# Pythagorean Theorem from the Intersecting Chords Theorema

There are several proofs on this page that make use of the Intersecting Chords theorem, notably proofs ##59, 60, and 61, where the circle to whose chords the theorem applied had the radius equal to the short leg of ΔABC, the long leg and the altitude from the right angle, respectively. Loomis' book lists these among its collection of algebraic proofs along with several others that derive the Pythagorean theorem by means of the Intersecting Chords theorem applied to chords in a fanciful variety of circles added to ΔABC. Alexandre Wajnberg from Unité de Recherches sur l'Enseignement des Mathématiques, Université Libre de Bruxelles came up with a variant that appears to fill an omission in this series of proofs. The construction also looks simpler and more natural than any listed by Loomis. What a surprise!

Consider the circumcircle of ΔABC whose radius equals a half hypotenuse (r = c/2). In the diagram, DF is the diameter perpendicular to side BC and serves as its perpendicular bisector. E and H are the midpoints of BC and AC, respectively, making EO = CH. From the Intersecting Chords theorem,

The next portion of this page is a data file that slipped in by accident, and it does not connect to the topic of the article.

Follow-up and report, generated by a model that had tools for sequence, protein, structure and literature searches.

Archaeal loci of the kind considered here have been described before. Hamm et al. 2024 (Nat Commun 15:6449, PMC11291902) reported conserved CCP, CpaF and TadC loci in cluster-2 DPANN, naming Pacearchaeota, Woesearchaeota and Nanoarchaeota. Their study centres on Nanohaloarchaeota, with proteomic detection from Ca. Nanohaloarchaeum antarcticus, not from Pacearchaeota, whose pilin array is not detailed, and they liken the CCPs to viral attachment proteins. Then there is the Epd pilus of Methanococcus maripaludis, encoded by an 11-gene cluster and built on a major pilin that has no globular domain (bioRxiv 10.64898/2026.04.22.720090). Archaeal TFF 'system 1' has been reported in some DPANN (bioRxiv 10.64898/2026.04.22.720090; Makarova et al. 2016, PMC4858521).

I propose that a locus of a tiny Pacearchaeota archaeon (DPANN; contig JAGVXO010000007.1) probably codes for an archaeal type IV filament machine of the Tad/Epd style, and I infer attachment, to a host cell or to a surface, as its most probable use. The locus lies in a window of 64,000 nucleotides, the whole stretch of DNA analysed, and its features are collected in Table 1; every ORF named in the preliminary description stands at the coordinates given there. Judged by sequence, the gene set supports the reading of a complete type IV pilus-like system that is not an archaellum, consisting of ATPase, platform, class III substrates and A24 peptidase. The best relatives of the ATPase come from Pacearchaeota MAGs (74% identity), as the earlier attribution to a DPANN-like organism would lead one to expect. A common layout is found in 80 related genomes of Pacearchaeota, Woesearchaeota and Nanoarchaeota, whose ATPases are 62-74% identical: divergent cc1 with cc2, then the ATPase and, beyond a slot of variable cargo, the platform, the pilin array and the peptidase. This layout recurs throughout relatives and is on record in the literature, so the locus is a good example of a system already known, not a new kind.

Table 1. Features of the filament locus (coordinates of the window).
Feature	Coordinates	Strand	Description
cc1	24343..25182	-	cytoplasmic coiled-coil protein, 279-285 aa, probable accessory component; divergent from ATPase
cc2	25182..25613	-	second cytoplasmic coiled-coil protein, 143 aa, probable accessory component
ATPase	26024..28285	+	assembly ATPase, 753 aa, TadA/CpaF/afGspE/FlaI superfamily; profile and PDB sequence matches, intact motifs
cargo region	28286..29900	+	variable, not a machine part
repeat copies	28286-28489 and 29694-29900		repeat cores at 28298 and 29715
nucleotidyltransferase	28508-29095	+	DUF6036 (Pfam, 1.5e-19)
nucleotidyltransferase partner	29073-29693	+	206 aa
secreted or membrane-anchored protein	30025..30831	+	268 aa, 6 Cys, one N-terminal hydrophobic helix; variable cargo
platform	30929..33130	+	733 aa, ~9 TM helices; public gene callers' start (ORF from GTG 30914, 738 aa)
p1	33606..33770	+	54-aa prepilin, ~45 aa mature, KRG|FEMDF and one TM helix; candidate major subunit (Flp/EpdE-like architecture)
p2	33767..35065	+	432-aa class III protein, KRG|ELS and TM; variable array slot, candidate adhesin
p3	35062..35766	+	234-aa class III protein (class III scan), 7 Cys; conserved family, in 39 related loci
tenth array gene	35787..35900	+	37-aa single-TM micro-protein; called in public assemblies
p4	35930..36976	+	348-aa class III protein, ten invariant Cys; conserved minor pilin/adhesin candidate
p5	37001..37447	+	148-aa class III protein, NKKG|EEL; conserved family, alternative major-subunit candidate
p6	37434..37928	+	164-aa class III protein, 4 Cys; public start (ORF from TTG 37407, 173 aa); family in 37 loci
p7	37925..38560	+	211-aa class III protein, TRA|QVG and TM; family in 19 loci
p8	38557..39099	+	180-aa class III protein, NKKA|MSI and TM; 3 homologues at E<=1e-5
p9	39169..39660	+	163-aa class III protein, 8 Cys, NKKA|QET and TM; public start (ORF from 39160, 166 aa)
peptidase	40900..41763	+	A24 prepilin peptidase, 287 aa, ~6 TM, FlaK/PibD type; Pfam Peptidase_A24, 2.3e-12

CE × EB = DE × EF,

which, in terms of side length a, b, c, appears as

(a/2)² = (c/2 - b/2)(c/2 + b/2).

This simplifies to the required a² = c² - b².

Alexandre has also observed that the Intersecting Chords theorem appears as Euclid III.35: If in a circle two straight lines cut one another, then the rectangle contained by the segments of the one equals the rectangle contained by the segments of the other. The proof there is probably one of the longest in the book, proceeds in four steps and, which is even more aggravating, makes use of the Pythagorean theorem itself. Luckily, one avoids a vicious circle with a most simple and elegant proof of the Intersecting Chords theorem that requires no more than the similarity of triangles and equality of inscribed angles subtended by the same arc in a circle, both of which do not depend on the Pythagorean theorem for their proof.

Scott Brodie offered an explantion for a peculiar strategy in Euclid's proofs of Euclid III.35 (and also Euclid III.36). The simple reason that Euclid is clearly engaging in virtuosic "geometric algebra" based on the Pythagorean theorem is to avoid arguments by similarity, which he had to defer until after developing in great detail his elaborate theory of proportion in Book V.

Lastly, Intersecting Chords theorem applies in the same diagram at point H. Indeed, since HO = a/2, GH × HI = AH × HC gives (c/2 - a/2)(c/2 + a/2) = (b/2)(b/2), with the same degree of success.